Now that you have the baseline of both sources you can compare for differences. This may help you to determine what is different.

Something else to consider is the water conditioner and its ability to neutralize heavy metals. It is entirely possible that one source is much higher in heavy metals and this is why you are loosing your fry. Some water conditioners do not attempt to neutralize heavy metals. Another thing to consider is whether your source water contains your basic chlorine or the more stable chloramine. Chlorine can be eliminated by using a holding tank and running an airline for about 24 hours; however, chloramine cannot be removed from such practice and must be removed via an appropriate water conditioner. Many products will only remove chlorine and this could be another factor. Highly unlikely that you receive chlorinated water part of the year and chloramine treated water the other, but just throwing it out there as a possible factor. Food for thought if nothing else.

In my own situation, here is the differences I deal with twice a year:

Natural Spring Water
pH: 6.4 - 6.8
NH3: 0
NO2: 0
NO3: 0
PO4: 5 PPM and higher depending on how much rain we receive
dGH: 4 - 6
dKH: 0 - 3
Fe: 0 - Trace

River Water
pH: 6.8 - 7.4
NH3: 0
NO2: 0
NO3: 0
PO4: .25 - 2 PPM
dGH: 6 - 8
dKH: 4 - 6
Fe: 1 - 2 PPM

So, while most of the differences are minor, it is enough of a variance to cause fish death by simply doing a large water change on their tank!

Best of luck finding a solution.

08-17-2014, 01:22 PM
Wed. I did w/c on a few tanks. Finished about noon. Went to a Dr. apt. at 2:15 came home and took the dog out. Around 5. I went into my fish room for something and found on breeder angel on the floor. I looked around the area to find the tank this fish came from. Three feet away I found the tank and the other 3 fish left in the tank were lifeless. This tank has a HOB filter and I forgot to turn it back on. Was this the cause of death. I notice the tank had a clear film on the top of the water with trapped air bubbled in it. What was that film. This tank was one that I did a w/c on. I felt empty loosing those fish.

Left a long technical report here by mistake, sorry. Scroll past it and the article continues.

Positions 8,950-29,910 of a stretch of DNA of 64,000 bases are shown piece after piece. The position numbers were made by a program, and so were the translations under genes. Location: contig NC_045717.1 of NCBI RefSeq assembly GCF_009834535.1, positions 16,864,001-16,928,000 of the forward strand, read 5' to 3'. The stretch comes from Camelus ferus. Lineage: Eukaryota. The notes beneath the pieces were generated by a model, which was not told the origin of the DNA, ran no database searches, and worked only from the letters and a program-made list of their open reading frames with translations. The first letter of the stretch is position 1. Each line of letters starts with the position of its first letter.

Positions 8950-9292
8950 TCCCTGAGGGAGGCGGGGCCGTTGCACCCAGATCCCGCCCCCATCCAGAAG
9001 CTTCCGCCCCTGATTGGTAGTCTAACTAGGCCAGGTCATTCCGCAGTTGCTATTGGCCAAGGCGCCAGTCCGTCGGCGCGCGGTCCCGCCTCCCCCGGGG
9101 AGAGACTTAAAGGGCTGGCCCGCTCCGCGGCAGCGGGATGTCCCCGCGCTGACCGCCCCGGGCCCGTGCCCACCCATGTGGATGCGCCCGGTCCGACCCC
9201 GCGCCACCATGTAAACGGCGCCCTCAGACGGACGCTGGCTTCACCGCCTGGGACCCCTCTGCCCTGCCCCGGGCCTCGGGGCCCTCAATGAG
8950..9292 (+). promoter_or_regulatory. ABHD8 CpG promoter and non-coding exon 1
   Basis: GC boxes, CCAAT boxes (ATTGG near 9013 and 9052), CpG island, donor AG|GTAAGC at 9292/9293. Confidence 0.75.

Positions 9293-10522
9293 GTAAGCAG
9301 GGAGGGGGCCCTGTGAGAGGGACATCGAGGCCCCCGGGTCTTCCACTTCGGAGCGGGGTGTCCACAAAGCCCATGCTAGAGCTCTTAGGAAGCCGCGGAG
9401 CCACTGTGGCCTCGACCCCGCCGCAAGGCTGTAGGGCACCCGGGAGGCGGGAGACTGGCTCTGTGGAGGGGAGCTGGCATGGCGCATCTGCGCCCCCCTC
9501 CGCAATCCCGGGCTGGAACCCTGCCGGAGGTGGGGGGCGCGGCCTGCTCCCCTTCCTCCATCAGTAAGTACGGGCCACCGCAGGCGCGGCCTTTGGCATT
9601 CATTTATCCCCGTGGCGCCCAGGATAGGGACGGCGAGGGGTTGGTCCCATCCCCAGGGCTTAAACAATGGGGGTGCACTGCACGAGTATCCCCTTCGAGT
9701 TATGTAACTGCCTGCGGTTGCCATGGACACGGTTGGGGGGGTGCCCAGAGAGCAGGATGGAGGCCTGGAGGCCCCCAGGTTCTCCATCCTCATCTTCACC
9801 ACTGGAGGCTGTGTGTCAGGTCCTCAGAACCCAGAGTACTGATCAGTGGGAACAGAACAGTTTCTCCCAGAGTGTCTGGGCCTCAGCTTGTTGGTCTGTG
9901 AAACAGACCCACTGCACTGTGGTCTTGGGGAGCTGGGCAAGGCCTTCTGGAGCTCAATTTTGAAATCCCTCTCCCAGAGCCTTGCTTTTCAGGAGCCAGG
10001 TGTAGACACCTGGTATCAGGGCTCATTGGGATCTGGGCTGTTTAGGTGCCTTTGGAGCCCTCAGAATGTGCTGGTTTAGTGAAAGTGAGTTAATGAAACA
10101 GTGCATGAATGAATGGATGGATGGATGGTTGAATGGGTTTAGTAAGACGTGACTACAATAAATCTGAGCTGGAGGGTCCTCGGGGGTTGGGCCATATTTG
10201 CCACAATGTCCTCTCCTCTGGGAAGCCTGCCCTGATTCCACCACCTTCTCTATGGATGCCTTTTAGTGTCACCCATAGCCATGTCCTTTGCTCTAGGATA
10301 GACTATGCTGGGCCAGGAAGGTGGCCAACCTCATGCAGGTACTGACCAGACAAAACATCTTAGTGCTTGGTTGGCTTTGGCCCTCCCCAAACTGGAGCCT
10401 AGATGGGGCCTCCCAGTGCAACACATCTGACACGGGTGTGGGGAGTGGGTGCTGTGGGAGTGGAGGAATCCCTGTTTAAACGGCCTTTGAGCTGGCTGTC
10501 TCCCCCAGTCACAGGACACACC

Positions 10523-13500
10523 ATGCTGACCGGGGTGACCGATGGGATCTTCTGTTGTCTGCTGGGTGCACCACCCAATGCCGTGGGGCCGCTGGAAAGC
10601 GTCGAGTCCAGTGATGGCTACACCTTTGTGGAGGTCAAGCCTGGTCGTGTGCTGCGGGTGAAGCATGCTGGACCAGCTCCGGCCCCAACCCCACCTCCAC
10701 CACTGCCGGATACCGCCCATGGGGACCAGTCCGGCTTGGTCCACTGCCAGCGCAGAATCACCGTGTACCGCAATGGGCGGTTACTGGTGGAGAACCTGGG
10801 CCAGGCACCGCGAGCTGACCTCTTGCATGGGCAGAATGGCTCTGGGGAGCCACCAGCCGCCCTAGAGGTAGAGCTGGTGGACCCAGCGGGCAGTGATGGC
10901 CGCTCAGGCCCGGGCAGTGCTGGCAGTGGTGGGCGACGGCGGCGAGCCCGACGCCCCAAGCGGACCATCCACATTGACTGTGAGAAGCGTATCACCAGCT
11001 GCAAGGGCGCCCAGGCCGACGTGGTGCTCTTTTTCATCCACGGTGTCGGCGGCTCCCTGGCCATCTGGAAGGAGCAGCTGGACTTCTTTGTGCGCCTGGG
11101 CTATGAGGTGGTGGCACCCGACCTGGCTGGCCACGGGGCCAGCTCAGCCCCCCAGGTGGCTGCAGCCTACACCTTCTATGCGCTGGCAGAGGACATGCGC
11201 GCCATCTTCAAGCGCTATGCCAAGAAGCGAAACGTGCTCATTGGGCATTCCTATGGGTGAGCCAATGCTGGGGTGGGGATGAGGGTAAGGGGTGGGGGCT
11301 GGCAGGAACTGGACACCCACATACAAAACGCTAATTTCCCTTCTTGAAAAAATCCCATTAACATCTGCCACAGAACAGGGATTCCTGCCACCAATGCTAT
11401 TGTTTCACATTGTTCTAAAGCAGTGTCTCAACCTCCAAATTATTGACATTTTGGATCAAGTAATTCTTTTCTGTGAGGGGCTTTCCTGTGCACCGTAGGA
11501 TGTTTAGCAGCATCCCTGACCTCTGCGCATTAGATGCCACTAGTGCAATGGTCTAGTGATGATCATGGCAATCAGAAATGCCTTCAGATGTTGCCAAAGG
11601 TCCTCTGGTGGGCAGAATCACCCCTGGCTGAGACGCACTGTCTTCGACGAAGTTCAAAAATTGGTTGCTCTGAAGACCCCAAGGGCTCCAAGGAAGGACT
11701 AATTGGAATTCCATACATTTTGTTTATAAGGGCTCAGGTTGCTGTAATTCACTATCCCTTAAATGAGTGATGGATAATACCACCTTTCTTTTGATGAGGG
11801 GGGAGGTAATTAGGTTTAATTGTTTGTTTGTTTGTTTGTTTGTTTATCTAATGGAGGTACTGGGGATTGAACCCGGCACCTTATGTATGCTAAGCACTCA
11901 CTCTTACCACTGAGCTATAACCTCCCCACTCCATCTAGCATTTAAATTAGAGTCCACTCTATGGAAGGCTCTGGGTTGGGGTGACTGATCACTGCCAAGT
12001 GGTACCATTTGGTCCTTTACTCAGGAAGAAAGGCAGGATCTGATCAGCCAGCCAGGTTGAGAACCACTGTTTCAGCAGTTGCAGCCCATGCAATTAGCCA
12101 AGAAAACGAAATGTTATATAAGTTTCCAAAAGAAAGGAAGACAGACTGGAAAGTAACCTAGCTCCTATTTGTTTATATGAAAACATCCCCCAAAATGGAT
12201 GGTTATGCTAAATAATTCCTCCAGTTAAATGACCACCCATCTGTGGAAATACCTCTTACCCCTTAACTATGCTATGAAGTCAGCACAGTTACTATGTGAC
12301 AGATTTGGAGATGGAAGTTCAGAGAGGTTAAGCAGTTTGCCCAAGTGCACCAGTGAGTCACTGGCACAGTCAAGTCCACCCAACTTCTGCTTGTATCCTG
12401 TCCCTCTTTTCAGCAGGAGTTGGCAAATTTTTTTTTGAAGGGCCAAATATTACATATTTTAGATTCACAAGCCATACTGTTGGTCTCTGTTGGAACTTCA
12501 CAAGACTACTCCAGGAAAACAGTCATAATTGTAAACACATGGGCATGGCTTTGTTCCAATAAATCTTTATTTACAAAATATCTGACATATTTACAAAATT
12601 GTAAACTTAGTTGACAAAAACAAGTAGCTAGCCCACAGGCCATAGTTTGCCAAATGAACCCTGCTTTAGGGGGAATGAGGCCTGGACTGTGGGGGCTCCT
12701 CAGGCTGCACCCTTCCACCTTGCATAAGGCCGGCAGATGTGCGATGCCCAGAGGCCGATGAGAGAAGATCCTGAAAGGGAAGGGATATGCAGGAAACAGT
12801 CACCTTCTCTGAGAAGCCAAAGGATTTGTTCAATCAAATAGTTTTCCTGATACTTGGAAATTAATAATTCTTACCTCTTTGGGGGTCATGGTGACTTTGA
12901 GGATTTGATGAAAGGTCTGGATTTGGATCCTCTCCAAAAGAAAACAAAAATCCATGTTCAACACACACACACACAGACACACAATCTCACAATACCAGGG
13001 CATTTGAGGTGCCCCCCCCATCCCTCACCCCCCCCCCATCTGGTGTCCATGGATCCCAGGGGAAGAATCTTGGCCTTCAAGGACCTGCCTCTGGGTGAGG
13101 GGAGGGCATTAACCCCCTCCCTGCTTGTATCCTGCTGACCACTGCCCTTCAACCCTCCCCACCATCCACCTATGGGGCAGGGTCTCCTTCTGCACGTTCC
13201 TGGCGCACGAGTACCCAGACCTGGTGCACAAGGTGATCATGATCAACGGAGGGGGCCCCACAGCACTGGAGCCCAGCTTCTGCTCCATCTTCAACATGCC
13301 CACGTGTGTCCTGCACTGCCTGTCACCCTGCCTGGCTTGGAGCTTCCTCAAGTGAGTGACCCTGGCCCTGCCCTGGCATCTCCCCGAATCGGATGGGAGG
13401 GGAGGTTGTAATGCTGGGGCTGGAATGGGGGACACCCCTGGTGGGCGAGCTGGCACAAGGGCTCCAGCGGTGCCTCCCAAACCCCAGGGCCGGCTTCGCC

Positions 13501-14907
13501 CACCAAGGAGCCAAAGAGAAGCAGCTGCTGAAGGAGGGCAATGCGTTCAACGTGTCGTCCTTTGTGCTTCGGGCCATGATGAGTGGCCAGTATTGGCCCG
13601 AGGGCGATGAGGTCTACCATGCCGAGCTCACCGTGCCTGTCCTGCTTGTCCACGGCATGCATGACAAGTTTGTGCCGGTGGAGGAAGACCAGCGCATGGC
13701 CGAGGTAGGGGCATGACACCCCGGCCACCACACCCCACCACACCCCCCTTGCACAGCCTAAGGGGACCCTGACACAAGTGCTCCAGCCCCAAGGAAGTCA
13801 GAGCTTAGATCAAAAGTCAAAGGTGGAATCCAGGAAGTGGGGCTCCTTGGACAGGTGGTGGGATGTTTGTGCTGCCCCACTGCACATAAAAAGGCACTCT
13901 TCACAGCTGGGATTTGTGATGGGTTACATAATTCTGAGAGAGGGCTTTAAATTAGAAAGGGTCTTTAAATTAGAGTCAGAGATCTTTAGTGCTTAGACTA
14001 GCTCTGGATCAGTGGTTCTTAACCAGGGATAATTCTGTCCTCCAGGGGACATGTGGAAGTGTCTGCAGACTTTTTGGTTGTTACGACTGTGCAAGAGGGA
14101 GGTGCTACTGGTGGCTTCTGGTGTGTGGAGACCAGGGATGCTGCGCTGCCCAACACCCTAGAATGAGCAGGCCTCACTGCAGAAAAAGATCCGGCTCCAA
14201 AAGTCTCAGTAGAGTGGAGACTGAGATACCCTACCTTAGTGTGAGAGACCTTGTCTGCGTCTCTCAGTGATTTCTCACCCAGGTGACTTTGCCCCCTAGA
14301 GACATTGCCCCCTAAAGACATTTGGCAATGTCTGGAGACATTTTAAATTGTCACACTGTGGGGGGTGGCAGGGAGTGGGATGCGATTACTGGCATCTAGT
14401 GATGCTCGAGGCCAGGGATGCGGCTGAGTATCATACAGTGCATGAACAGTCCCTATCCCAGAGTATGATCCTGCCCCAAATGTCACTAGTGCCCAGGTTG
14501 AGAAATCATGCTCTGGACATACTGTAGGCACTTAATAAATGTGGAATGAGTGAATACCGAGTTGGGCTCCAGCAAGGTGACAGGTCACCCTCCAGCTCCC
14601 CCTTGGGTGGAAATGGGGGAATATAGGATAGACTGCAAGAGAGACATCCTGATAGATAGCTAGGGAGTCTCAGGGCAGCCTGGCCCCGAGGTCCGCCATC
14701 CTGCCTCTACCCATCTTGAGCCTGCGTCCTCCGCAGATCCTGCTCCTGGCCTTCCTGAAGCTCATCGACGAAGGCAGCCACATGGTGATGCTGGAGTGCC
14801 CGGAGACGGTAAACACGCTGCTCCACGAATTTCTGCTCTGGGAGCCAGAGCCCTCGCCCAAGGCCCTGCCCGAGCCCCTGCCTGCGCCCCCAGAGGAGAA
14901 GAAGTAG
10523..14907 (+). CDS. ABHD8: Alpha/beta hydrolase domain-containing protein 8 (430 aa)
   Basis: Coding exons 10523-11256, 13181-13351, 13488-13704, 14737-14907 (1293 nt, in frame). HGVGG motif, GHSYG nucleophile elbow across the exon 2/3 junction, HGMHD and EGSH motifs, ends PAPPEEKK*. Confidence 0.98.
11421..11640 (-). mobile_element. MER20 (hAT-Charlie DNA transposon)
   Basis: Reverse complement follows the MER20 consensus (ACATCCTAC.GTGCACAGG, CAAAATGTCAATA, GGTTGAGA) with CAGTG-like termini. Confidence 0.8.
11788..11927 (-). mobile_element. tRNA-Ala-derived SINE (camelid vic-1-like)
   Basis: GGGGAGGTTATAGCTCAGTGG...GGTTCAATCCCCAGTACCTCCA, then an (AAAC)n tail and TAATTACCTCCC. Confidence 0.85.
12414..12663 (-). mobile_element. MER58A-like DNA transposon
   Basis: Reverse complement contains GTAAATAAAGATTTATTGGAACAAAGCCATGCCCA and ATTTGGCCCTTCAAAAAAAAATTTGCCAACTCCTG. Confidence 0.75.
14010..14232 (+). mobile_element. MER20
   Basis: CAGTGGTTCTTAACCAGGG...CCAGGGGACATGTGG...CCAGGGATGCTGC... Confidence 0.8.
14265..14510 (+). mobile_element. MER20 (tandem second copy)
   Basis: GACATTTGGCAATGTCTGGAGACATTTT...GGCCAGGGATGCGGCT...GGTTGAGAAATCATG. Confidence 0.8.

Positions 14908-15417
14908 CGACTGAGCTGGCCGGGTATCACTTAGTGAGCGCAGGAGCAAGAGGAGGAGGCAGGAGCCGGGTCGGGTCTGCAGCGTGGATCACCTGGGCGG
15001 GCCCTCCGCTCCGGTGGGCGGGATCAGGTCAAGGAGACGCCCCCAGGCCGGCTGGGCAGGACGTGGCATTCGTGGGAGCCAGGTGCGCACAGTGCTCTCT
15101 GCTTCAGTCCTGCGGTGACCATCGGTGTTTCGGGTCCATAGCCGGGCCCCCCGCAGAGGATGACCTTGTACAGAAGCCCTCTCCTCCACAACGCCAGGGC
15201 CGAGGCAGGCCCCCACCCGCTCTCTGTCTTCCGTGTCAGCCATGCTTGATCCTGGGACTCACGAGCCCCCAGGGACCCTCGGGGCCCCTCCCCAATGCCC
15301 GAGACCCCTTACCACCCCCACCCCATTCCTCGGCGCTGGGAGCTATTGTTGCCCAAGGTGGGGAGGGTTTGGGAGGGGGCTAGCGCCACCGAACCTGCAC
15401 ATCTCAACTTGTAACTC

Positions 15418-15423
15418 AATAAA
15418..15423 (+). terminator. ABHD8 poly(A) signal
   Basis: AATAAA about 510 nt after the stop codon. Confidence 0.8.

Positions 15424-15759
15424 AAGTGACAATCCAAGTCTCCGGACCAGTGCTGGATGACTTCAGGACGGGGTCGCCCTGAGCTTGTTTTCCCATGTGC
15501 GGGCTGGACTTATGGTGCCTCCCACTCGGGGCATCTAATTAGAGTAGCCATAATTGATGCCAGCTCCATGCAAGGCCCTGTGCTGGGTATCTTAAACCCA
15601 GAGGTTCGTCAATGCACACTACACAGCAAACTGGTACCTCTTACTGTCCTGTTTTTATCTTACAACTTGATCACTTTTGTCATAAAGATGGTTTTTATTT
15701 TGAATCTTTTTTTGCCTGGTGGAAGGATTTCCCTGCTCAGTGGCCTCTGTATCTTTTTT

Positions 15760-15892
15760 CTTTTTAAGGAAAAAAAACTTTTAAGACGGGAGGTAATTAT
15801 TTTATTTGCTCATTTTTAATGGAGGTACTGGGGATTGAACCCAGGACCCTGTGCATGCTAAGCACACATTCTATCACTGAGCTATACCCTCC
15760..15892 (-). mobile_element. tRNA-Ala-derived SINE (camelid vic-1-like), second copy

On Thursday I got to talk to the supervisor in charge of water quality for the city I live in. This guy should have been a painter lol as he definitely knew how to spread bull s**t. After he listened to my story he had some assurances for me. First he tells me how the water is treated with chlorine at a .8 - 1.0 level. then "All the bacteria is killed when the water is treated." So here I interjected with, "Not all bacteria is killed. you are telling me that all is killed with the chlorine level being at .8 - 1.0. What about bacteria that needs a stronger amount of chlorine?" Then he changes his tune to just certain bacteria like ecoli and one other which escapes me at the moment. I think I might be getting through to him until he tells me how bacteria can enter my water supply. He tells me that outside garden hoses left in the sun leach harmful bacteria in the hose and toxicity from the hose itself into my house. So I asked how it does this and he says it backs up into the house. Now I'm thinking when I turn on my garden hose it starts flushing all the water out so how would this bad stuff coke it. No, I didn't ask him. Also mentioned to him at certains the water has a strtong chlorine smell to it. He says that can't happen because the water agency is very careful to add just the right amount so there would be no spike in chlorine.